I had absolutely no expectations going into V/H/S. All I knew was that it was a found footage horror film involving VHS tapes. Turns out this is a horror anthology featuring five short found footage stories, all written and directed by a different director, and I absolutely loved it! The movie had a great mix of different horror film genres such as slasher films, ghost stories, and urban legends. I'm a huge fan of horror movies, and I couldn't help but enjoy watching this entertainingly twisted flick.
The movie starts off with a group of jackasses going around terrorizing people, and destroying things while filming it. The stuff they film they sell to someone for money. The guy they sell these tapes to offer them a job to break into an old mans home to steal a tape that he wants. When they get there and search the house they come across a collection of VHS tapes and watch them... That's when the movie really gets interesting.
These videos play out like R-rated Twilight Zone episodes. Each one has a great little twist and reveal, but I won't ruin anything for you, I'll just give you the basic set up for each one.
The first video follows a group of college guys going to find some girls to have a good time with. One of the characters is armed with a pair of glasses with a built in camera so he can record whatever happens through the night. They do meet a few girls, and when they take them back to a hotel things get freakin' crazy! This was a great opening and perfectly set the tone for the rest of the movie.
The second video follows a young couple traveling across the country with a camera. While stopped at a hotel a young lady comes to the door to ask for a ride. They turn her down, but as the trip progresses, things start to get a little intense.
The third video follows a group of college kids with a video camera into the woods for a day that is supposed to be filled with fun and relaxation. Of course, that's not what they end up getting after the person that brings them out there tells her friends the real reason behind the trip and the urban legend surrounding those woods. This may seem like something that's been done a thousand times before, but it really does have a pretty cool original twist.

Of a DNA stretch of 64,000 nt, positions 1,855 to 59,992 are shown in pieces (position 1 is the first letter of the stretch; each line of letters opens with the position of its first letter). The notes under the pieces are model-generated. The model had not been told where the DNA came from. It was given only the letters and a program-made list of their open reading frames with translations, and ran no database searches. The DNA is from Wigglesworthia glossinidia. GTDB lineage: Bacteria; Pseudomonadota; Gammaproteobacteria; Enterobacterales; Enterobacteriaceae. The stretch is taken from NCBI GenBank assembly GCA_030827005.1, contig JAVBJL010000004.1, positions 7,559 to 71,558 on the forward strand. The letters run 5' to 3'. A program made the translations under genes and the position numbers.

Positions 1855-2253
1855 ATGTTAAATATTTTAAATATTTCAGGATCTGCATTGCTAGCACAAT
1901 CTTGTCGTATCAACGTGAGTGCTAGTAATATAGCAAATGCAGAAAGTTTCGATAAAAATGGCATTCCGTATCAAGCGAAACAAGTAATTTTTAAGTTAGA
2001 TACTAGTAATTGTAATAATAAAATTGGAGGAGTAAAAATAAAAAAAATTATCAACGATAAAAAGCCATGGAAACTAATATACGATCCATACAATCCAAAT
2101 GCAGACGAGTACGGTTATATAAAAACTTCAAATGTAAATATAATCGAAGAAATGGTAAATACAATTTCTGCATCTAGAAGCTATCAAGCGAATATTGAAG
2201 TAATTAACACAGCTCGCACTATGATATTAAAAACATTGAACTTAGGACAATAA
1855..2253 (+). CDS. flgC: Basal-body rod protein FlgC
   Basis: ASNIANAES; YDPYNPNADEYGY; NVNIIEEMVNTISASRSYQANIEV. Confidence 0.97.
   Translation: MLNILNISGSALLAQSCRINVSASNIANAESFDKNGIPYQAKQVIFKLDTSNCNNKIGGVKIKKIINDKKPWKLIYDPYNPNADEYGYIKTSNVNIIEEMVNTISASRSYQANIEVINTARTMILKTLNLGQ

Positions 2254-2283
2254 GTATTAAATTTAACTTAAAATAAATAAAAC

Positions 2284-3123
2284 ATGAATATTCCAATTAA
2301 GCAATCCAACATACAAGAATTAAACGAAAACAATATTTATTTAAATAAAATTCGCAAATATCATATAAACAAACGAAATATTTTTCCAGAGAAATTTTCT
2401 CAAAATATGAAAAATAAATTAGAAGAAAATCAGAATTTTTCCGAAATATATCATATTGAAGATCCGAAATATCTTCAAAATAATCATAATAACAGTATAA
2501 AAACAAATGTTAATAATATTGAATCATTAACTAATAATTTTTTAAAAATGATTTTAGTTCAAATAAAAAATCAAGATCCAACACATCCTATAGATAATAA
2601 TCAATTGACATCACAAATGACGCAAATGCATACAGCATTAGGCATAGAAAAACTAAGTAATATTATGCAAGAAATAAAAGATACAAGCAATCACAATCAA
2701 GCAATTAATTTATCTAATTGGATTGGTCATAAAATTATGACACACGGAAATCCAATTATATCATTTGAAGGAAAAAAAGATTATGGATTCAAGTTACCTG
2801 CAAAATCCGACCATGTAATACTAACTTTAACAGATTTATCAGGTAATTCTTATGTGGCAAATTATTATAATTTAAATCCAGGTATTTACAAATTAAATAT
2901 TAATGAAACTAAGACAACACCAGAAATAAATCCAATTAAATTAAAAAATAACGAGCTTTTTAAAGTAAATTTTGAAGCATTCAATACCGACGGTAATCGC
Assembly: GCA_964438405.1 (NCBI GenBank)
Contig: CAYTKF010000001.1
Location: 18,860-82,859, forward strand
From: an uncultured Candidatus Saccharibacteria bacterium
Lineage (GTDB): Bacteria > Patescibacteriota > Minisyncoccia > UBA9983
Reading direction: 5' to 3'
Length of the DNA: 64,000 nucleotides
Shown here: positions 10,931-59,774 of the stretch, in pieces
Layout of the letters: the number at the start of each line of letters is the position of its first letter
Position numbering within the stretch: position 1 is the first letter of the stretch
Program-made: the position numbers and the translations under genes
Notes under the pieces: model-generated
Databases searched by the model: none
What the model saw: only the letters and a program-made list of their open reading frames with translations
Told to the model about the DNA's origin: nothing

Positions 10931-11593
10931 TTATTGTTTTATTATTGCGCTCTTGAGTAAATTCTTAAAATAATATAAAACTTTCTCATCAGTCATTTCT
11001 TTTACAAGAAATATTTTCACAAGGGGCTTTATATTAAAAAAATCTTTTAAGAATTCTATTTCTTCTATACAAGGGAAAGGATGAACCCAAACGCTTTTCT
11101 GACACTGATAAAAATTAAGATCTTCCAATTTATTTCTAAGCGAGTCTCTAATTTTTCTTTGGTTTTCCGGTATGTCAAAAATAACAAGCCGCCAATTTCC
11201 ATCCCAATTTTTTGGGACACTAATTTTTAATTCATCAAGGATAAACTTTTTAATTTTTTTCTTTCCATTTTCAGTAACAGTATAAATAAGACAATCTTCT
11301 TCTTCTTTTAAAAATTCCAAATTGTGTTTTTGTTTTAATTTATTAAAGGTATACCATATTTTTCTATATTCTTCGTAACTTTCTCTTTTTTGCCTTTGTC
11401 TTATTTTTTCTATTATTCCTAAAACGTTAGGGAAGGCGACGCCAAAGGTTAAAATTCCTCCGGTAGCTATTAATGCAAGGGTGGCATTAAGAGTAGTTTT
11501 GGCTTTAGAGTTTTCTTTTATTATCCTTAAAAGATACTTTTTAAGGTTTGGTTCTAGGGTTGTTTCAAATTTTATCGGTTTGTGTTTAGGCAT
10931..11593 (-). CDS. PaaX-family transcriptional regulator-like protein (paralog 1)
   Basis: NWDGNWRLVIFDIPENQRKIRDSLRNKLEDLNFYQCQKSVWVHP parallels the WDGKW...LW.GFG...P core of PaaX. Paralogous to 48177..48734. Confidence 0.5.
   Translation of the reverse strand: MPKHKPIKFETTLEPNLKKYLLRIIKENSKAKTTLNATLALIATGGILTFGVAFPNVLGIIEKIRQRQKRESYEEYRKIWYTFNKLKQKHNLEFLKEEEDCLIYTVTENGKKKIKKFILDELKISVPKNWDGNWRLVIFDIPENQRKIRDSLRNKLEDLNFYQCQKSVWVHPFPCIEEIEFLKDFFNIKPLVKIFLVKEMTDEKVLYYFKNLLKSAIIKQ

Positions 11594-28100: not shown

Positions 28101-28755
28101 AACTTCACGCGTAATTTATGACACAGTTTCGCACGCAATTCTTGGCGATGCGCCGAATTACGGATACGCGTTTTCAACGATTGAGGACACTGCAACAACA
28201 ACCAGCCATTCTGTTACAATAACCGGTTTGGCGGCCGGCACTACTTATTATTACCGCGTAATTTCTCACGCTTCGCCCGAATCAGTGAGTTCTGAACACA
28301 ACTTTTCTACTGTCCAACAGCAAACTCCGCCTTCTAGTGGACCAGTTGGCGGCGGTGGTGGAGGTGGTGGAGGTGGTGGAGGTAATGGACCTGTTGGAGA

The fourth video takes us into the world of online video chat. A girl has just moved into a new apartment, and strange things start to happen. She thinks the house is haunted and so she enlists the help of her long distance boyfriend to help and support her. When things start to happen she calls her boyfriend via video chat. This story escalates into a very cool, creepy, and unexpected end.
The fifth video was my favorite of the bunch. It takes place on Halloween night, and a group of friends dressed up in costumes head out to a Halloween party spook house. One of the guys is dressed up as a bear nanny cam with an built-in working camera. They get to the house and find no one is there, so they just start walking through it. There are some crazy strange things that start to happen, but they all think it's part of the haunted house spook ally experience... they think it's fake. I loved how this story plays out, it had some awesome genuine scares.
The films were directed by Adam Wingard, Glenn McQuaid, Radio Silence, David Bruckner, Joe Swanberg, Ti West, and written by Simon Barrett, Glenn McQuaid, Matt Bettinelli-Olpin, Tyler Gillett, Justin Martinez, Chad Villella, David Bruckner, Nicholas Tecosky, and Ti West.
This was a hell of a fun movie to watch, and if you enjoy watching horror films then you're going to love V/H/S.
Here's the Synopsis:
When a group of petty criminals is hired by a mysterious party to retrieve a rare piece of found footage from a rundown house in the middle of nowhere, they soon realize that the job isn’t going to be as easy as they thought. In the living room, a lifeless body holds court before a hub of old television sets, surrounded by stacks upon stacks of VHS tapes. As they search for the right one, they are treated to a seemingly endless number of horrifying videos, each stranger than the last.
Bringing together some of the top filmmakers in the game today, this wickedly conceived horror anthology sends the viewer through a gauntlet of suspense, terror, shock, and downright brutality—instantly distinguishing itself from a sea of lackluster found-footage horror flicks. The diverse and deviously creative minds behind V/H/Sshatter any preconceived notions about the genre, making it feel inventive and captivating once again.